Councils 'fill vacuum' in non-core areas
New Zealand councils have sent the Government a clear message - to retain their responsibility for environmental, social, cultural and economic wellbeing in the Local Government Act.
Prime Minister John Key opened the Local Government New Zealand annual conference in Queenstown yesterday by speaking about government priorities, including the Christchurch recovery, to the 570 delegates.
But it was proposed changes to the Local Government Act which spurred the strongest reaction from the local-body politicians.
Group president Lawrence Yule said the unanimous agreement at its annual meeting on Sunday was that existing law enabled councils to add most value to communities.
“Councils have been criticised by the Government for supposedly working in areas that are not core. Yet most of these activities are picked up because of the failure of central government and the private sector to deliver them."
The majority of council activity and spending was on water, roading and similar activities and the responsibilities for environmental, social, cultural and economic wellbeing, known as the four wellbeings, were not putting cost pressures on councils, he said.
“The wellbeings provide clarity. If they are removed, councils will be open to politically motivated challenges regarding their activities, which will cost millions. The lawyers will be the winners. . .."
The current legislation worked well and, although councils would have differing views on aspects of the bill, feelings about proposed changes to the purpose of local government were strong, he said.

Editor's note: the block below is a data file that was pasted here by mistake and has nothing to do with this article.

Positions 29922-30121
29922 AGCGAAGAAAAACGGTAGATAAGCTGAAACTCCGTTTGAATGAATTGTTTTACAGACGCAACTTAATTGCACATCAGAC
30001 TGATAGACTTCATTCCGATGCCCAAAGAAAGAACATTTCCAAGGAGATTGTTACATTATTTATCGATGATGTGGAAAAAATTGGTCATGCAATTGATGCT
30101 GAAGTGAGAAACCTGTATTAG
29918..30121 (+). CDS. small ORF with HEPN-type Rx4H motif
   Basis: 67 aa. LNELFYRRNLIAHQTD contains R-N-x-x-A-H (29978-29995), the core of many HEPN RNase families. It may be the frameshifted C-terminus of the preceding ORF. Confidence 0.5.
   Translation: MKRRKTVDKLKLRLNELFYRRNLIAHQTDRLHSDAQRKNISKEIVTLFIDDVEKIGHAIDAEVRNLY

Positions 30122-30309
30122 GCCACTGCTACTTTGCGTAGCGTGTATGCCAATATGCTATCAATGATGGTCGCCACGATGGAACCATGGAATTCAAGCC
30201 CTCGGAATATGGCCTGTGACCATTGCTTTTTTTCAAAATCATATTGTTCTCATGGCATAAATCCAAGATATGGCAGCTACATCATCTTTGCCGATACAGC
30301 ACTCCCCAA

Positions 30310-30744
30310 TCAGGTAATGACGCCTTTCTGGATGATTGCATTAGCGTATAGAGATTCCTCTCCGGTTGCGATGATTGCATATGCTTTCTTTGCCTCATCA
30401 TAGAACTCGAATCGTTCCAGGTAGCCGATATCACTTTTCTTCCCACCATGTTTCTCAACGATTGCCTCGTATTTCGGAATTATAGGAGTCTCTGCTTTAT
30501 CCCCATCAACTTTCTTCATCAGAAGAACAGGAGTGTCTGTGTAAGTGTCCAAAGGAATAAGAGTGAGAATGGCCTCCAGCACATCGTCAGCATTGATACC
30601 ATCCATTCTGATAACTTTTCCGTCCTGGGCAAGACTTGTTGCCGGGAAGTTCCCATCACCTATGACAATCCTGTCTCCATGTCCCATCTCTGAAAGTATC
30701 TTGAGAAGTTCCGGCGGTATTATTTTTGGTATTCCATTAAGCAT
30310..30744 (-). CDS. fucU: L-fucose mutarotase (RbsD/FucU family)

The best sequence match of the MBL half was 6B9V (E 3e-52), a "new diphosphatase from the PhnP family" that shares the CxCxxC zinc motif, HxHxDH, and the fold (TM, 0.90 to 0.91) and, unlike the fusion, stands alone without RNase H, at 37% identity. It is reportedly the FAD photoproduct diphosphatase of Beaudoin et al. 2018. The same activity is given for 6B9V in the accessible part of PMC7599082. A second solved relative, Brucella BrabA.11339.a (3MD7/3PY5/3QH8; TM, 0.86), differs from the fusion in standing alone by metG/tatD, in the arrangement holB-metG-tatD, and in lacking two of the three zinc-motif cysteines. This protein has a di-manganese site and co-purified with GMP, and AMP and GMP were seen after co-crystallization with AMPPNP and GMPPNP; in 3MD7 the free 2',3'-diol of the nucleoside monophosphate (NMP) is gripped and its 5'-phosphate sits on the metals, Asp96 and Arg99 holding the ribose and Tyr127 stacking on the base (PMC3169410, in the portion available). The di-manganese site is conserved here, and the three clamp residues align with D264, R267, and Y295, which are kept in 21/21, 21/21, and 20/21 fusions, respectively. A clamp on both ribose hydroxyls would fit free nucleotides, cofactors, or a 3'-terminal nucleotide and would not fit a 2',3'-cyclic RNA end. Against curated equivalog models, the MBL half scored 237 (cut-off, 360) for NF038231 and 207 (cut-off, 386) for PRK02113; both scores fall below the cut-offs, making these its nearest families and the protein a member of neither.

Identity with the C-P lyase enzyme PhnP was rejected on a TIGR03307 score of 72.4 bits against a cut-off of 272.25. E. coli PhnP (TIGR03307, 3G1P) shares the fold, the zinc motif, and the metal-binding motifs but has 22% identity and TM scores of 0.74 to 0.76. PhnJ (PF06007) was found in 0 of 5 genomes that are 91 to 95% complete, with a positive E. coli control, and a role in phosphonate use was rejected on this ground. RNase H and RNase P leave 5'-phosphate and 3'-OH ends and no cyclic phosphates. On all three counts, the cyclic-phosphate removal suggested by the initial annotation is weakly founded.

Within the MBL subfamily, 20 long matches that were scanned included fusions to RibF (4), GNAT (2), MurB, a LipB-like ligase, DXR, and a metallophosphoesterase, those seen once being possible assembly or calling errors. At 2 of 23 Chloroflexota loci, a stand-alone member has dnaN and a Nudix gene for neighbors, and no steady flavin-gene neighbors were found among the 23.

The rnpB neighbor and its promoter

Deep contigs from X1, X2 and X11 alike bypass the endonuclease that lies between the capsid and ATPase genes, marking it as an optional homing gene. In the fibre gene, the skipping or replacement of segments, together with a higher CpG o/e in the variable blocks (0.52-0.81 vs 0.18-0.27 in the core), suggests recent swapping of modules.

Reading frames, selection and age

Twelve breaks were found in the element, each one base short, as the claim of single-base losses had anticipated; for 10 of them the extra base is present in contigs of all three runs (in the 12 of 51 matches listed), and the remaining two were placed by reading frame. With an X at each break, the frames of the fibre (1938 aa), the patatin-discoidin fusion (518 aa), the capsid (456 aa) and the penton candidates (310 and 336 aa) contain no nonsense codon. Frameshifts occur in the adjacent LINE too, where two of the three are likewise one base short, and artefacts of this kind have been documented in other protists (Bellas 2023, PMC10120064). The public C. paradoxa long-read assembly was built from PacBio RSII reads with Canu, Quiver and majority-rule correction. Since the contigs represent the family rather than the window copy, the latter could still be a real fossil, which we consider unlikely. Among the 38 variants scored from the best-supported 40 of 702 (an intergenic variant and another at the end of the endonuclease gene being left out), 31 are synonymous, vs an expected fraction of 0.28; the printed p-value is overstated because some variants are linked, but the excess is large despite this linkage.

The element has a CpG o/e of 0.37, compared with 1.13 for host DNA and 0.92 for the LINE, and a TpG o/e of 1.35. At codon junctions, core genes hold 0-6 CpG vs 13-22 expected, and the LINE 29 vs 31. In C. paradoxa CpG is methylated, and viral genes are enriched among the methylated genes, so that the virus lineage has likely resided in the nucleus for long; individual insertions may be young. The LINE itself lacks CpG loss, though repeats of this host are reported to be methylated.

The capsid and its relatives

In her welcome, Queenstown Lakes Mayor Vanessa van Uden said local government was at a crossroads. "We can do it better, smarter, faster if we are just allowed to."
Given the amount of dirty laundry being aired in public, there was a danger local politicians could be perceived by the public as a "whole layer of bureaucracy without relevance or accountability", she said. "All that serves to do is shatter our integrity as community bodies and weaken our position."
Although there were issues to work through, van Uden said improving the conduit between local and central government had to be a priority.
"There's no point sitting moaning about something. I think what you have to do is accept there's an issue and find a solution to the problems."
Local Government Minister David Carter said the bill was a once-in-a-lifetime opportunity to introduce a programme which "reaps lasting rewards".
- © Fairfax NZ News
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